(Loan Agreement, ¶ 14.)

Prior to the date; when repayment of the loan under the Note was due, Buyers contracted and executed an Agreement Of Understanding dated December 12, 2001 (the "Agreement Of Understanding"), attached as Exhibit C to Jarman Aff., with Pali to pay or purchase the Note from Infotopia at a discount. Pursuant to the Agreement Of Understanding, Pali in fact purchased the Note from Infotopia and was redeeming or selling it for a discounted price of $120,000.00 plus 35,000 shares of Buyers's common stock. The Agreement Of Understanding provides in relevant part that:

 
Upon execution of this Agreement and the payment of the purchase price (the "Purchase Price"), Pali agrees to sell, transfer, quitclaim and deliver the original Infotopia Note to Buyers, with the following written across the face of the *359 Infotopia Note, signed and dated by Pali: THIS NOTE IS PAID IN FULL ON THIS 12TH DAY OF DECEMBER 2001. BY PALI FINANCIAL, INC.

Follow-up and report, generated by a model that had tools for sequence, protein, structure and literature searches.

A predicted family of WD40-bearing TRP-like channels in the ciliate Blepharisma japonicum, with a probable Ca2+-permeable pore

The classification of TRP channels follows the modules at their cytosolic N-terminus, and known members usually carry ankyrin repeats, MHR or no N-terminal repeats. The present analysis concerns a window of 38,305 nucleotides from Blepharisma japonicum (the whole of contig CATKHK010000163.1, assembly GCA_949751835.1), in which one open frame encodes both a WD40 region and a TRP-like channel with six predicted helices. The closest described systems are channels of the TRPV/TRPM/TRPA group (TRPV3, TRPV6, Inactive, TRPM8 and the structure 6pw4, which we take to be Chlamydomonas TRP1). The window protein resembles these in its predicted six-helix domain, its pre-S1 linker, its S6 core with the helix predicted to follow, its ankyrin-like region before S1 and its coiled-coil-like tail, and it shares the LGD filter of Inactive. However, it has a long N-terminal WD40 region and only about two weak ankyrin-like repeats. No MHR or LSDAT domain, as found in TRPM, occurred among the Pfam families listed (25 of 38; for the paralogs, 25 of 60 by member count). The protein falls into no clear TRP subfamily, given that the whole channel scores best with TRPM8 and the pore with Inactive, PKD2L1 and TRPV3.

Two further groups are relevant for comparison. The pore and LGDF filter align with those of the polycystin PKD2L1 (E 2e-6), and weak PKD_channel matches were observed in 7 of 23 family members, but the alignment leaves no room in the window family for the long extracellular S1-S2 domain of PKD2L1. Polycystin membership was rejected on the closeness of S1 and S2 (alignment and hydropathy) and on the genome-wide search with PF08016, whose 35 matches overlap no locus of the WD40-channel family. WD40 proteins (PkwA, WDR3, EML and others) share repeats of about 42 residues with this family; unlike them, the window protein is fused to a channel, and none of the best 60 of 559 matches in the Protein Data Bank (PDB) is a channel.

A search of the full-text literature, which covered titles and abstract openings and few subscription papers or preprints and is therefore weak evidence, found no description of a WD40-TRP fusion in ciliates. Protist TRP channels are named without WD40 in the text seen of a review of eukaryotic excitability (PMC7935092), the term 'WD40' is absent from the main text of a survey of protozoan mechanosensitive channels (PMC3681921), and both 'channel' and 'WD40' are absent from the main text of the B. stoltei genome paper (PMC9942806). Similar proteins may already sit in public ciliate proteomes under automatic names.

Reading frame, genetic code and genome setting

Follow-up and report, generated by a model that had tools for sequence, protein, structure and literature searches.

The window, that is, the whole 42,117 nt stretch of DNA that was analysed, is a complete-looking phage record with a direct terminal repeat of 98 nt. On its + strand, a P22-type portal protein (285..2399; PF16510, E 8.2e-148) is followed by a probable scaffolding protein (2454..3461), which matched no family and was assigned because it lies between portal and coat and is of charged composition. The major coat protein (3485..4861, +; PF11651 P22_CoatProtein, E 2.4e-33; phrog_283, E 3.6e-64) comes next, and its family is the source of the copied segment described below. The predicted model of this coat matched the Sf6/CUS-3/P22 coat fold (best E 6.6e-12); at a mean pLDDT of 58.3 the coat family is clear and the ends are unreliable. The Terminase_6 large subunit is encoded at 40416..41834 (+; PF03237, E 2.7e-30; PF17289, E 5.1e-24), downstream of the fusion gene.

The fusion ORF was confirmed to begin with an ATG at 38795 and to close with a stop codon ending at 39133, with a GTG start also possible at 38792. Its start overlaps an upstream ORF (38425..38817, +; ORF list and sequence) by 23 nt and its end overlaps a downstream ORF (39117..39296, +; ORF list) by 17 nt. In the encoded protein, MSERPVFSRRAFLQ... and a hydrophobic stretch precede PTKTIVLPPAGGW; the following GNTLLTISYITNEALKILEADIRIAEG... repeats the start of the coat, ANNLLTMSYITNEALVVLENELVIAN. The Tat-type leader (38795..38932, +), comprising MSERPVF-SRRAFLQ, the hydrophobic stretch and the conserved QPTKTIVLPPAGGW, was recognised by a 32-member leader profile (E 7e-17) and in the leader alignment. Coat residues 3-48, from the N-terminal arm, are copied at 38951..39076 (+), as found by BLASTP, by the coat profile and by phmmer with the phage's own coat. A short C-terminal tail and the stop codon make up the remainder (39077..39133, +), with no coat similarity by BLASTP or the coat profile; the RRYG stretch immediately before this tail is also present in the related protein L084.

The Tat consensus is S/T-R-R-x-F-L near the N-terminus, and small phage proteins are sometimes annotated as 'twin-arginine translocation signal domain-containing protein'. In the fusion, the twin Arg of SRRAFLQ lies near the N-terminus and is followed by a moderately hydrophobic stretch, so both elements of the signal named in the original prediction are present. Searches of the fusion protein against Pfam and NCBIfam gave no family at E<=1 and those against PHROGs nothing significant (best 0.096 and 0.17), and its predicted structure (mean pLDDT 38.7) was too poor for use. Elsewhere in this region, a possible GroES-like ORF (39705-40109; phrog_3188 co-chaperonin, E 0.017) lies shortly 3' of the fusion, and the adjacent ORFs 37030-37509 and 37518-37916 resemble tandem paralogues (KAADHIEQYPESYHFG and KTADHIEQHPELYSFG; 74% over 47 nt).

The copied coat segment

(Agreement of Understanding, ¶ 2 (emphasis in original).) Buyers made the necessary payments and received the original Loan Agreement and Note, which had been signed by the president of Infotopia, dated December 13, 2001, and bearing the phrase, "obligation paid in full."